Did you know that the ocean ecosystem is very vulnerable to external influences? It is endangered due to environmental pollution.
Amazing facts about the ocean ecosystem
- Marine ecosystems include not only oceans, but also coastlines, tidal basins, estuaries, barrier islands, mangrove forests, and salt marshes. As oceans cover about 70% of our planet’s surface (nearly 140 million square miles), this ecosystem is the largest in the world.
- The ecosystem of the ocean has the greatest biodiversity. We still don’t know everything about Earth, but about 94% of all known species live in oceans and seas. Moreover, scientists believe that there may be up to a million other species in the oceans that have not yet been discovered.
- It is a common belief that trees and other plants produce almost all oxygen and purify the air. However, recent studies have shown that phytoplankton and algae probably produce even more oxygen than forests. Phytoplankton is tiny plants that live in the upper layers of the ocean and use photosynthesis to survive, just like land plants and seaweed.
- The world’s oceans are divided into 66 large marine ecosystems. They are defined as coastal areas where primary productivity is generally higher than in open ocean areas. Each of these ecosystems is unique.
- The oceans of the Earth consist of many different oceanic life forms, each of which plays its own unique role in the overall state of the oceans. There are more than 200 thousand species on our planet, and they range from microscopic microbes to large mammals such as whales or dolphins.
Facts about the ocean pollution
- Environmental pollution causes enormous damage to the ocean ecosystem. From 8 to 14 million tons of plastic waste enter the ocean waters every year.
- It is estimated that there are 5.25 trillion pieces of plastic waste in our oceans. 269.000 tons are floating, and 4 billion microfibres per square kilometer (0.38 square mile) are under the surface. 70% of our garbage ends up in the ocean ecosystem, 15% pops up and 15% ends up on our beaches.
- The Great Pacific Garbage Patch is a floating pile of anthropogenic garbage in the North Pacific Ocean. Its size varies from 0.41 % to 0.81 % of the total area of the Pacific Ocean (up to 580.000 square miles, or 1.5 million square kilometers). That’s 5 times more than the whole area of Germany. By the way, there are 4 other giant garbage patches.
- By 2050, ocean plastic will outweigh all of the ocean’s fish. Well, unless humanity does something about the pollution of the oceans because nowadays we dump so much plastic in the ocean every year so it weighs comparable to 100 thousand blue whales. Every year.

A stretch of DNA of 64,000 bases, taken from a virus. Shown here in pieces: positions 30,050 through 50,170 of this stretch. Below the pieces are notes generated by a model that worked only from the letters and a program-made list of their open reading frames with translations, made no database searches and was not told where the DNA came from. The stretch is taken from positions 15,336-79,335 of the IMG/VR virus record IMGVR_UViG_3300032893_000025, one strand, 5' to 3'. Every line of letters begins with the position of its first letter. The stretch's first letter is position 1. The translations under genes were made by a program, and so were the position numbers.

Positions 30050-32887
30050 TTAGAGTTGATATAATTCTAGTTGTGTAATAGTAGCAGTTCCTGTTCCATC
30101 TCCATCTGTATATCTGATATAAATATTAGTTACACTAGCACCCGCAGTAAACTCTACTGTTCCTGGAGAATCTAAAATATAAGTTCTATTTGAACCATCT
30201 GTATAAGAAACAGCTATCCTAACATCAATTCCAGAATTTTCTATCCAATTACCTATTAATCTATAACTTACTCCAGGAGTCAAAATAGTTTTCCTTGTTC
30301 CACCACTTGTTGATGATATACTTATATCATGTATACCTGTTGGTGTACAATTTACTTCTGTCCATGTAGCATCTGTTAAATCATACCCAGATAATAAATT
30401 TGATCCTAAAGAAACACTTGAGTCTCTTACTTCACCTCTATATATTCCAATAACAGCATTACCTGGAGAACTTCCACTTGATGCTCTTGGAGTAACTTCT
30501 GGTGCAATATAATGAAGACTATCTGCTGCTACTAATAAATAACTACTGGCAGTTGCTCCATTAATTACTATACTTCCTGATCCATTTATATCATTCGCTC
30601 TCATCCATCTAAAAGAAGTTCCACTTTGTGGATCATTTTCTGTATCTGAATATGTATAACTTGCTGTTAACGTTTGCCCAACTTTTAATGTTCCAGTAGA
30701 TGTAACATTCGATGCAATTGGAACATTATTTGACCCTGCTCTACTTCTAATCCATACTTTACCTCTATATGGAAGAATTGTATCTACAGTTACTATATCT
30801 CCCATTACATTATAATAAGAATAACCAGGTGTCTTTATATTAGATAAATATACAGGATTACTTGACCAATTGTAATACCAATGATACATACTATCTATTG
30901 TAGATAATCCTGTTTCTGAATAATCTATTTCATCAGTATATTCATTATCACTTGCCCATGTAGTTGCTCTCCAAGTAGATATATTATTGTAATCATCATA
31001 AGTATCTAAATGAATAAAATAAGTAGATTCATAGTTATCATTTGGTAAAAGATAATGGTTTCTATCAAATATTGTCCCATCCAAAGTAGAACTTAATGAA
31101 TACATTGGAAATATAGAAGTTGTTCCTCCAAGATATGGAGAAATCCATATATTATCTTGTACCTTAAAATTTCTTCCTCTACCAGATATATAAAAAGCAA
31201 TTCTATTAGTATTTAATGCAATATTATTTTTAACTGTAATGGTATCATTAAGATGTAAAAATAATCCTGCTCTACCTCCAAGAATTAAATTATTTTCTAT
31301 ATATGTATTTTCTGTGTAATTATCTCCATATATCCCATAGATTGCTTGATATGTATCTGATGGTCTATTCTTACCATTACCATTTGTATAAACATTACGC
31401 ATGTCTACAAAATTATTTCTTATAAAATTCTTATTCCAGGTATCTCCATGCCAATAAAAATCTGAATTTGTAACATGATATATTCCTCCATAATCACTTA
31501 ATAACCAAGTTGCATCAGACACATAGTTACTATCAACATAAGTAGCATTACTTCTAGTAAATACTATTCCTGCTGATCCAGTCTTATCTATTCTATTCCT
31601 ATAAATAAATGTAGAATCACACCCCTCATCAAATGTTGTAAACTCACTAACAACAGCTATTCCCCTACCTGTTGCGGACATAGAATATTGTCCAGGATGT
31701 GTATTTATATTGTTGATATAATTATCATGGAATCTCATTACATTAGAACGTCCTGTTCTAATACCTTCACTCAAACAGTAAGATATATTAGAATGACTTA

- More plastic in the ocean comes from Indonesia and India than anywhere else. Together, they contribute more plastic to the world’s coastal environment than the next seven countries combined, including the United States, which ranks third on the list.
Random cool facts
- The Great Barrier Reef is a part of the ocean ecosystem, and that’s the largest object of natural origin on Earth. Its length is ~1400 miles (2900 km), and it is composed of 700 islands and 2900 reefs. Global climate change endangers the Great Barrier Reef. If the average water temperature in this part of the ocean rises by just one degree, the coral reefs will die.
- The ocean ecosystem is divided into three zones, or layers, depending on how much sunlight they receive. The upper layer is called the euphotic zone, which receives a lot of sunlight. It starts at the surface of the ocean and descends an average of about 230 feet. The second layer is the dysphotic zone, which receives some sunlight, but not enough for the plants to survive. The third layer is the aphotic zone, which does not receive light at all. The aphotic zone is not only completely dark, but also extremely cold, and few marine animals can survive here.
- The ocean is home to a wide variety of animals, including fish, shellfish, dolphins, seals, walruses, whales, crustaceans, bacteria, sea anemones, and many others. Most marine animals live in the two upper layers of the ocean alone, where they have access to plants and other ocean animals to feed.
- The longest mountain range on Earth, the Mid-ocean ridge, is almost completely under the ocean and stretches for a distance of 40k miles (65k kilometers). This mountain chain is less explored than the surface of Venus and Mars.
- Less than 5% of the planet’s oceans have been explored. As researchers strive to discover more, we are constantly getting to know our oceans better, but they still keep lots of secrets.